It is the country that gave the literary world Margaret Atwood and Carol Shields. Now it is at the vanguard of green publishing, with big-hitting authors such as Alice Munro demanding that their books be printed on recycled paper.
Canada, the largest source of wood pulp for the UK paper industry, was the first nation to promote large-scale green publishing in 2003, when Rainforest Books in Vancouver printed J K Rowling's Harry Potter titles on 100 per cent recycled paper. Greenpeace is working on a campaign to persuade more publishers to do the same. Two hundred authors worldwide, including Helen Fielding, Philip Pullman and Ian Rankin, have signed up.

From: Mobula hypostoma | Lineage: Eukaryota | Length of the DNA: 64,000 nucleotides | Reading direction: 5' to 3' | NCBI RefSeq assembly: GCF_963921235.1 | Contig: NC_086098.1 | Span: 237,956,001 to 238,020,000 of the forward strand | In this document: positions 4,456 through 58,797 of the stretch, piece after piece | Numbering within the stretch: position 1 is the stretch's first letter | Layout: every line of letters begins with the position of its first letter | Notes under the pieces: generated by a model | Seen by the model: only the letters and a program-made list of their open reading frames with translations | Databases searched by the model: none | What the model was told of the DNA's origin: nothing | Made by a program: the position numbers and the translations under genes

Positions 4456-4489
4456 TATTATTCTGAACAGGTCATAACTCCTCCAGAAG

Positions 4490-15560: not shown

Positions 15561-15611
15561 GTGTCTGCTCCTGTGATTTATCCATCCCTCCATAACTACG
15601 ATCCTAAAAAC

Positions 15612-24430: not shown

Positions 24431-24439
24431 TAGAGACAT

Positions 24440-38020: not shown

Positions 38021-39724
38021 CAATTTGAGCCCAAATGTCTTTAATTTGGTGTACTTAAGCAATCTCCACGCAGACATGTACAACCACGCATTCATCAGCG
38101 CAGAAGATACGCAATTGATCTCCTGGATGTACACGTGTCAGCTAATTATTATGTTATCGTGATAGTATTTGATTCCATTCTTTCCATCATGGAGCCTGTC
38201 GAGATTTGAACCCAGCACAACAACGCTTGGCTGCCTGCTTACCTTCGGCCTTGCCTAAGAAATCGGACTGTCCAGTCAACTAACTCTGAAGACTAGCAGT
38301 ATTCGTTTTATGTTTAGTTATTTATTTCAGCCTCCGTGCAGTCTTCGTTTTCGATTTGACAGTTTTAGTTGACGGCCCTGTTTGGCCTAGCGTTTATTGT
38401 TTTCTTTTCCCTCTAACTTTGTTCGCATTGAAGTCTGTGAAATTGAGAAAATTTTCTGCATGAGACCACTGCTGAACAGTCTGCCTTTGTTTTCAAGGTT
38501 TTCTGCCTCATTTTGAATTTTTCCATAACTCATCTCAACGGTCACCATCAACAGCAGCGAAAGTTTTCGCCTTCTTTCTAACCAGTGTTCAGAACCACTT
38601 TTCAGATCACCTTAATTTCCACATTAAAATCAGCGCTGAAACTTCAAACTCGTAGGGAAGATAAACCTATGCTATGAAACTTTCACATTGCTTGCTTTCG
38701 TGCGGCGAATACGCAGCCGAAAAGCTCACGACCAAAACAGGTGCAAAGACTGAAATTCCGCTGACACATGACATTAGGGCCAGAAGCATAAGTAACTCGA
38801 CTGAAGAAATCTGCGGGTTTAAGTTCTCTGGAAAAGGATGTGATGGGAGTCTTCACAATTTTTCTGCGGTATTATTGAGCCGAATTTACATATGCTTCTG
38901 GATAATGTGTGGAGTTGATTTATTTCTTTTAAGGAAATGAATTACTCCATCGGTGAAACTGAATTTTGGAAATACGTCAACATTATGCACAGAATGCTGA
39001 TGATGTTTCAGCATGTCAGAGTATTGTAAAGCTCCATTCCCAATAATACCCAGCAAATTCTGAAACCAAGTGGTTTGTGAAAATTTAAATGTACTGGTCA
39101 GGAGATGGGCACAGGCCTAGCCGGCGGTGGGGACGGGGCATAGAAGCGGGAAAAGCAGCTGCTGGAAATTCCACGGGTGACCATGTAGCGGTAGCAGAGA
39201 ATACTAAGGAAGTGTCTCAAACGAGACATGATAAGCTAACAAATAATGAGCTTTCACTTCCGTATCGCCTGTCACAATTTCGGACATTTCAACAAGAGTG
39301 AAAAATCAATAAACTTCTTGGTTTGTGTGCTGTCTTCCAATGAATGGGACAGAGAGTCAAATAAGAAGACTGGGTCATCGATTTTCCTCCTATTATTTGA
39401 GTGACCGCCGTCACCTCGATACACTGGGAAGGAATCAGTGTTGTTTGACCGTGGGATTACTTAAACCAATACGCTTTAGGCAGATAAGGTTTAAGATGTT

The poet and green campaigner Mandy Haggith writes in Mslexia magazine this spring that "pulp and paper mills produce ... some of the most toxic substances on Earth", and urges readers to look out for the Forest Stewardship Council logo on books.
UK publishers with green paper initiatives include Random House, HarperCollins and Egmont Books. The British writer John O'Farrell says: "I expect nothing less than recycled paper for the publication of all my recycled jokes."